Security forces in Indian-administered Kashmir have killed more than 50 militants since the beginning of this year. Sameer Yasir reports how funerals in the region, which has seen an armed insurgency against Indian rule since 1989, have become a part of local folklore.
As the body of the militant, draped in green, is finally laid to rest, women sing songs of blood and valour. The body is placed on a makeshift platform so mourners can get a good view. People raise their hands in reverence to touch the body.
Young men push through the jostling crowd to kiss the militant’s forehead. Then they touch his feet and rub their hands on their body, as if performing a religious ritual.
The crowd swells with every passing minute. Slogans of defiance rent the air. A group of teenagers grab the microphone, exhorting mourners to continue their “struggle” by singing songs of defiance. The “celebrations” continue till the body is buried in the “martyrs graveyard”.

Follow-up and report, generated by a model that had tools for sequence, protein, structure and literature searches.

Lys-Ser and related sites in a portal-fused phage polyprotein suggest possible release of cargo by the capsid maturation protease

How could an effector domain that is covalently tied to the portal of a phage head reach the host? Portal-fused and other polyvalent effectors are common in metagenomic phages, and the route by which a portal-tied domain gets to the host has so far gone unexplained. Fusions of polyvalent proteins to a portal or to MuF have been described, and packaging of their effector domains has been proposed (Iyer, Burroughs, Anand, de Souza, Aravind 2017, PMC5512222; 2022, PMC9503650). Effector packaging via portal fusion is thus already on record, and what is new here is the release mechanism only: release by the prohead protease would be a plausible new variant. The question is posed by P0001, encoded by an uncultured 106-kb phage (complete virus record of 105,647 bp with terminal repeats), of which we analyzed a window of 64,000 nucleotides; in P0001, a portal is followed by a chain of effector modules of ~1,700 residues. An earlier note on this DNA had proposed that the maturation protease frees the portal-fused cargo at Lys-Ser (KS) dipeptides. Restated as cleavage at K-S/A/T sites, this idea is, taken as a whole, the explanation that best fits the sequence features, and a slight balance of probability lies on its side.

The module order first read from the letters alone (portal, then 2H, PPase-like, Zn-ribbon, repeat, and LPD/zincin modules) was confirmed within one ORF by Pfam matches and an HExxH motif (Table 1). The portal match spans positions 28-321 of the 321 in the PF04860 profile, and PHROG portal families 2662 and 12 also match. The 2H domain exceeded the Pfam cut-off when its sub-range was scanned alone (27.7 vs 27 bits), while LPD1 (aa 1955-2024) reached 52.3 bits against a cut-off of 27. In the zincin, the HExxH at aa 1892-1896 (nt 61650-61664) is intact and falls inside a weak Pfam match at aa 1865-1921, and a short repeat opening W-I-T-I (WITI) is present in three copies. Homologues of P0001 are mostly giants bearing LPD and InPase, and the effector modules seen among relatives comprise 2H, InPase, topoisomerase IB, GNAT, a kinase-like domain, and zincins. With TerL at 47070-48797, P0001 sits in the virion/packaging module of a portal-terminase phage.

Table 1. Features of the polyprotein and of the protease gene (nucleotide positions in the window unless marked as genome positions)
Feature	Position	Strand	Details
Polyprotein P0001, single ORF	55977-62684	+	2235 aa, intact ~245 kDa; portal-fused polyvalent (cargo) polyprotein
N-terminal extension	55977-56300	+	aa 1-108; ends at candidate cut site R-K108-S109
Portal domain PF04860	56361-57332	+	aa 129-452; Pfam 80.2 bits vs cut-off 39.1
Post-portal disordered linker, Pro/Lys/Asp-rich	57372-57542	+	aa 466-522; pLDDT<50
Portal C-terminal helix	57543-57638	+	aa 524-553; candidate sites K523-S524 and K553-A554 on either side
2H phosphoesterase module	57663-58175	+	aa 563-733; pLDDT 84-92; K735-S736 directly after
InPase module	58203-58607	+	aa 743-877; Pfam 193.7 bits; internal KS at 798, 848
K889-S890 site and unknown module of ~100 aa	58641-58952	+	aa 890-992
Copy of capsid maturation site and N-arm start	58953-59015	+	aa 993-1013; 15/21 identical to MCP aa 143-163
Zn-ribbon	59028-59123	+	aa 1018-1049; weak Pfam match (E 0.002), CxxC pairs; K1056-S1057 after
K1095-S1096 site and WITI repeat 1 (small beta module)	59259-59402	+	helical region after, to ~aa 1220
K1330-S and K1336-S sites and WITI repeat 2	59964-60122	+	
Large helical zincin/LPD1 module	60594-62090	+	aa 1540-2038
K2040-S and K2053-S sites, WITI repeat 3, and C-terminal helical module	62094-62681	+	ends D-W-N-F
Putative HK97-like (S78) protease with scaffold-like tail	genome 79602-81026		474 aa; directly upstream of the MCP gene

One recent afternoon in April, a lean, old woman with deep sunken eyes and grey hair, turned up at the funeral for a militant who had been killed in a gun battle the day before. She had a green polythene bag under her arm.
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“I have come to say goodbye to my son,” Zoona Begum announced in a thin voice to mourners at the funeral of 19-year-old Ubaid Shafi Malla, who had dropped out of college and joined a separatist group, the Hizbul Mujahideen, in February 2017.